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How many ways can you slice a URL and name the pieces? (tantek.com)
66 points by remi on Aug 26, 2011 | hide | past | favorite | 12 comments

I have no idea why some think it's a good idea to 'supplement' the browser's built in navigation by overriding yet more of its standard keys. On pressing left arrow, I expect it to behave uniformly, not navigate to some other page. If you insist on doing this, then at least use accesskeys= attribute. Instead I'm left reeling, hands off, staring at my keyboard as if it is an unknown enemy preparing to attack.

Really don't care about presentation (serve your blog in text/plain all I care), but some things are unforgivable. Didn't get reading past the first few lines.

Is it really unfair to assume someone who makes this mistake could not hold any kind of useful, complex, technically valid opinion that would teach me something new?

"I have no idea why some think it's a good idea to 'supplement' the browser's built in navigation by overriding yet more of its standard keys."

Because they can. I have yet to meet a 'web designer' or an 'user interface designer' who doesn't redesign all buttons, scrollbars and text fields for every design they do: as if the standard built-in ones aren't good enough. Or perhaps they're afraid they won't be judged as having done a good enough job on the design?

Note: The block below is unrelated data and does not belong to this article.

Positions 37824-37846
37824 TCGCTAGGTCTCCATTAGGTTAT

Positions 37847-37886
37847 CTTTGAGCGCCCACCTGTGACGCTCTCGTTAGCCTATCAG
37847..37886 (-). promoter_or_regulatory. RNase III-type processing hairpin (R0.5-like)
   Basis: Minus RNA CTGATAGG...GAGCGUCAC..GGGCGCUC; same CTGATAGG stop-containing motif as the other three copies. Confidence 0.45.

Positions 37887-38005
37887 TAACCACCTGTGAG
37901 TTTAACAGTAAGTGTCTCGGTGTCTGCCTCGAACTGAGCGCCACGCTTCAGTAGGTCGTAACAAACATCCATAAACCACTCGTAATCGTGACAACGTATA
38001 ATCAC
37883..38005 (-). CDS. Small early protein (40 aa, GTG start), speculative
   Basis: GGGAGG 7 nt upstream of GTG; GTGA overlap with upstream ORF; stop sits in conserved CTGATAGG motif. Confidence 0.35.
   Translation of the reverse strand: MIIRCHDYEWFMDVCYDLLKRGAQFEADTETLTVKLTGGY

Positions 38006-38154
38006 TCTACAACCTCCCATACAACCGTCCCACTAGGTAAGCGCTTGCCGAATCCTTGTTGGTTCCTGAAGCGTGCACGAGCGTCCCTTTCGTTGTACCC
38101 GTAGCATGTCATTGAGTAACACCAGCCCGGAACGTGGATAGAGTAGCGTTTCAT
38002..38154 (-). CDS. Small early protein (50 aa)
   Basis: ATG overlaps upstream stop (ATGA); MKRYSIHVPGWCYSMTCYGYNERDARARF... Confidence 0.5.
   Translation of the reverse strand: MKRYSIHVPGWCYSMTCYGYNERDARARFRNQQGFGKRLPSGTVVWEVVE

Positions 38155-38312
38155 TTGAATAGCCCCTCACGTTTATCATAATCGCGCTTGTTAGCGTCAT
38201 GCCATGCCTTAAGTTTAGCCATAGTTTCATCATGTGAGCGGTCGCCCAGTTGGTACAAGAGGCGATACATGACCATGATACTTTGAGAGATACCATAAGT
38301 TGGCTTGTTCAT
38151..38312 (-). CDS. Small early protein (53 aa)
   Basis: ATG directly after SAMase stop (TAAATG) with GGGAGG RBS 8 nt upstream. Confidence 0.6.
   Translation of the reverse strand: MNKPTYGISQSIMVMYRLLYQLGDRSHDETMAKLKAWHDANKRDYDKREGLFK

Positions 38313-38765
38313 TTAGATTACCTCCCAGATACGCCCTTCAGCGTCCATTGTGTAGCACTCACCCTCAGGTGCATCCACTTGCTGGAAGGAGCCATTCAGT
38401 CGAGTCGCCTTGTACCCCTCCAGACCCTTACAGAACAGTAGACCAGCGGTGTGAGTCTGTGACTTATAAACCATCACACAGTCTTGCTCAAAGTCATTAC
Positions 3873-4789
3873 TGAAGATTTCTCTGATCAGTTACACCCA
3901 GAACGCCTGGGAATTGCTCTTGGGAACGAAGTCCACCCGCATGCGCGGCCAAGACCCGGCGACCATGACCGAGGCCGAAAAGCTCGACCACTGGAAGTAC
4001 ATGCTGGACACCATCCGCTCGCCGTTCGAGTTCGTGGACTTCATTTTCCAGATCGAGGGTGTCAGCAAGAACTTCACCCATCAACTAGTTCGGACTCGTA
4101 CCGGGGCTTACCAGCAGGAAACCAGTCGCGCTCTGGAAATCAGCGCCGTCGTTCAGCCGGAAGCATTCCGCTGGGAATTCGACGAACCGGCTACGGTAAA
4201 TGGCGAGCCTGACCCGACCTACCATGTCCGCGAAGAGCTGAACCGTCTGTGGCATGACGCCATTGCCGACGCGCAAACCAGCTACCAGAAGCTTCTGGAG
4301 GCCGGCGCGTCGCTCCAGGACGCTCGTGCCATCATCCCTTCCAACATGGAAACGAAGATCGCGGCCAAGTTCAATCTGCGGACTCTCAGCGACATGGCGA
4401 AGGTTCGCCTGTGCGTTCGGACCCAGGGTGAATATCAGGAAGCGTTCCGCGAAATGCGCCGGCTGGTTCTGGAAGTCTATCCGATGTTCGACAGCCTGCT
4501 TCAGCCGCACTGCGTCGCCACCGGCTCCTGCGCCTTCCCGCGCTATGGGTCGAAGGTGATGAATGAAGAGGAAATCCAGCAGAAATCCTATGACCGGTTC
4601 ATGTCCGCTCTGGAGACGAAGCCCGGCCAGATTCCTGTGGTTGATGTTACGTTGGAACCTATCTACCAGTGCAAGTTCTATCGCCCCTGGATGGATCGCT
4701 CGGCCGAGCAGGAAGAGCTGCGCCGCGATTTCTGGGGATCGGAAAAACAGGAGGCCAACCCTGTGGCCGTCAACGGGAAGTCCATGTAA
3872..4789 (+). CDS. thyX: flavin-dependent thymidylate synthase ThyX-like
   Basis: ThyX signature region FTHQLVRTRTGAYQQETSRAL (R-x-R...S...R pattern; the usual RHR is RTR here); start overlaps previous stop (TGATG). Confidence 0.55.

Jakob Nielsen writes about this phenomenon, and I agree with him:

"Many Flash designers introduce their own nonstandard GUI controls. How many scrollbar designs do we need? [...] The specification of a new GUI widget is a major human-factors exercise. The current Macintosh and Windows scrollbars emerged after the world's best interaction designers worked for years testing numerous design alternatives. A new scrollbar designed over the weekend is likely to get many details wrong. And, even if the new design was workable, it would still reduce a site's overall usability because users would have to figure out how it worked. They know how to operate the standard widget. When you use standards, users can focus on content and their reasons for visiting your site. Deviate, and you reduce their feeling of environmental mastery."

The disadvantage of this approach is that my apps use only the standard GUI components, which makes some people say that "they're not of this time" and that I should give the app a "fresh new look with a contemporary skin". Maybe their taste and expectations are already numbed beyond repair by the chaos in designs and visual overkill we encounter each day on the web.

Surely there is a name for this phenomena.

Just like human languages have more than one word for the same thing (words for sex, genitals, alcohol, people you like/love/hate).

When something is popular (like the things I mentioned above) words to describe it flourish.

Also, the url is a close to a universal thing as we have in programming. Almost every framework evolves to eventually deal with a URL (Greenspun's Tenth Rule).

So maybe this is asking why the word for (sex|drugs|etc) are different in English than Russian.

</wild speculation>

I think the word "Balkanization" is pretty accurate. "Divergent Evolution" if you're into the whole PC thing.